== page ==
As part of the TPI Blog series, we welcome this piece by Eryn F. Correa. Eryn is the co-founder and managing partner of Crivella Correa, a law firm built by entrepreneurs for entrepreneurs. Prior to founding her own firm, Eryn worked as in-house securities and board governance counsel for Alcoa Corporation, and in private practice for K&L Gates LLP in both their Pittsburgh and Dubai offices. She serves on the boards of Oikocredit US and Sustainable Pittsburgh and is a fellow in the Royal Society for Arts, Manufacturers and Commerce. Eryn is passionate about partnerships because she believes that only in leveraging the unique talents and strengths of all sectors can we truly collaborate to make the world a better place.
On my daily quarantine walk, I was listening to the podcast Dare to Lead with Brené Brown, when Ms. Brown started talking to her guest, Jim Collins, about contracts. Mr. Collins explained that his mentor drilled into him the importance of having really good contracts, but not because you should ever need to use them. Rather, he continued:
“The purpose of a contract process isn’t negotiation, it isn’t to have legal recourse or to go to court. You hopefully never have to do any of that stuff. The purpose of a contract is so that both parties never have a misunderstanding about what it is that you’re agreeing to do.”
As an American lawyer myself, I nearly fell over. This understanding of a contract flew in the face of all my training. Because, what is a contract other than a way to barricade your client against an inevitable parade of litigious horribles?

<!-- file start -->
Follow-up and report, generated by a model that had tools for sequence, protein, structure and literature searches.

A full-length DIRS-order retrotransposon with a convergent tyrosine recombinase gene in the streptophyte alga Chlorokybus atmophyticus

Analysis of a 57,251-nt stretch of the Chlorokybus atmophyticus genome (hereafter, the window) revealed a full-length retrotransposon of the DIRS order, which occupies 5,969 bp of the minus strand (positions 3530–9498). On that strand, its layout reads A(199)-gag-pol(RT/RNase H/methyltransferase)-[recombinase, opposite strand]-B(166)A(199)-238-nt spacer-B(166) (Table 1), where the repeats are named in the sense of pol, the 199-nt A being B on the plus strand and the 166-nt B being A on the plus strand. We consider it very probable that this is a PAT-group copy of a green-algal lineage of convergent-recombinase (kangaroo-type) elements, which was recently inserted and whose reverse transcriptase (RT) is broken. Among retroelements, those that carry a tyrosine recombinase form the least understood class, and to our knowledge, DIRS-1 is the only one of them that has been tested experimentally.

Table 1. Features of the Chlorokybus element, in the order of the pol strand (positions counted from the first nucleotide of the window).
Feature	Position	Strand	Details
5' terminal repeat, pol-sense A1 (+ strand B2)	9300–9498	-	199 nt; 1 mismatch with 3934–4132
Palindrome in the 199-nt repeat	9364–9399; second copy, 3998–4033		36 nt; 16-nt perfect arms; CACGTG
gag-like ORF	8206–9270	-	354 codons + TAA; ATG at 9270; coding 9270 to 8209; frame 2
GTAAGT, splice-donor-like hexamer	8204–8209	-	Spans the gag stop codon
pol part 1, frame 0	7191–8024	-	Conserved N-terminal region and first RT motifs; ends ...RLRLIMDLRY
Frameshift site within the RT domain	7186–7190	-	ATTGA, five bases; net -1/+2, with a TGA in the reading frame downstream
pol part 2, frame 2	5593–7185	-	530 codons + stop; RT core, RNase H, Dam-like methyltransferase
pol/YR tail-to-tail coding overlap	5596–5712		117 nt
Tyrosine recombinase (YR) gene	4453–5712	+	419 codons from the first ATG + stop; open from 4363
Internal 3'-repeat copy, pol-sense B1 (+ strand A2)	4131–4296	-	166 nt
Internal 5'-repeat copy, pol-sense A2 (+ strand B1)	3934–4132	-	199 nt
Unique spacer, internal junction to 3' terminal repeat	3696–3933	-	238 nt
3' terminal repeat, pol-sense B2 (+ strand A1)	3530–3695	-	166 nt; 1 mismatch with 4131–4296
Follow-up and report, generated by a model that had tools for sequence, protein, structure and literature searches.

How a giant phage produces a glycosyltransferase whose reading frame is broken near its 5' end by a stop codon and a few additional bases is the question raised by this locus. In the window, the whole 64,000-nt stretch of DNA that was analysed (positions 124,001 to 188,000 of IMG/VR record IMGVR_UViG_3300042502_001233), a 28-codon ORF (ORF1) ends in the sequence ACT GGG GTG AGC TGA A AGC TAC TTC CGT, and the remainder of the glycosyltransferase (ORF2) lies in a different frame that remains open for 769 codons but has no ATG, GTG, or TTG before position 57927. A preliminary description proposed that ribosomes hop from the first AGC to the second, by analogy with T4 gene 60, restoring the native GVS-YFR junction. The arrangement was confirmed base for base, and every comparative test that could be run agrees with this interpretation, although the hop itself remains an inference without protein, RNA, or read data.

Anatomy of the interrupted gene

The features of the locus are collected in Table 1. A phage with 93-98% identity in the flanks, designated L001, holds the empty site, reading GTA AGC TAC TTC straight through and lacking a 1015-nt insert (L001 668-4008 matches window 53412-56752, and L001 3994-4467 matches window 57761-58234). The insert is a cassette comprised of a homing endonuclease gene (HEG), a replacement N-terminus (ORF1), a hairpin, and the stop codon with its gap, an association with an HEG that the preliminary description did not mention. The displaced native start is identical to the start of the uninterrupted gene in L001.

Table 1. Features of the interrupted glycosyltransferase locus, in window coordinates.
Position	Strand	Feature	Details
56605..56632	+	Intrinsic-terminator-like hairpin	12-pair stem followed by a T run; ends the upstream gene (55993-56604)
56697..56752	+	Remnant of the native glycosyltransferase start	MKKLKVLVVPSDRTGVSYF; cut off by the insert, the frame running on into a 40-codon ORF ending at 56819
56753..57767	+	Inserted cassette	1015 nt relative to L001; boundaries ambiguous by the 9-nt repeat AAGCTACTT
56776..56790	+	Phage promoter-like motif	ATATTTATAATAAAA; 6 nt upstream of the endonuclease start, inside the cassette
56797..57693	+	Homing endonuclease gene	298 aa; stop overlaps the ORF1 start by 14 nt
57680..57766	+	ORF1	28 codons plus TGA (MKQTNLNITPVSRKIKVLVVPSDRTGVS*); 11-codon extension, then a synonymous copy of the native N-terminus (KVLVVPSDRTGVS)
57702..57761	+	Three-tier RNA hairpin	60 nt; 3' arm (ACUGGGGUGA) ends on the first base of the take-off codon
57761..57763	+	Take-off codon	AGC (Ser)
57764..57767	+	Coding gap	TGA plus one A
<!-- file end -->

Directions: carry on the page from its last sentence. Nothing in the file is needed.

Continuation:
For lawyers accustomed to writing contracts from this defensive stance, partnering agreements which are supposed to capture a spirit of collaboration, can present a challenge. Below are a few reasons you may find yourself at odds with the lawyer you want to memorialize your partnership and a few tips on how you can leverage your lawyer’s contract-drafting skills to help draft your partnering agreement.
- The Partnership is Not Their Client; You Are
The first reason your lawyer may insist on clauses that are more heavily slanted in your direction is because you are their client and their duty of advocacy is to you – not the partnership. In the United States, lawyers have an ethical duty to “zealously advocate” on behalf of their client. What this means for you in drafting your partnering agreement with your lawyer is that the lawyer is not looking out for the best interests of the partnership. Your lawyer wants to look out for your best interests, which could create tension when you are looking to build collaboration.
- Contracts Are Built On Quid Pro Quo
Unlike partnering agreements, contracts are built on the concept of mutual exchange. By law, contracts are not binding or enforceable without “consideration” or quid pro quo – the bargained for benefit each side expects to receive in return for the value they provide. Conversely, a partnering agreement focuses on pooling resources towards a common goal. To illustrate, think of buying a coat from a local boutique. In a traditional contractual setting, you give money and, in return, the boutique gives you a coat. This is a mutual exchange. This differs from a situation where you are partnering with this boutique to work towards the common goal of providing coats to those in need. In that situation, the boutique may provide coats, and you may provide the money to pay for the costs of distribution, but the beneficiary is the cause, not the parties involved. This situation can create challenges for your lawyer, who is accustomed to negotiating for and ensuring a mutual exchange of the parties.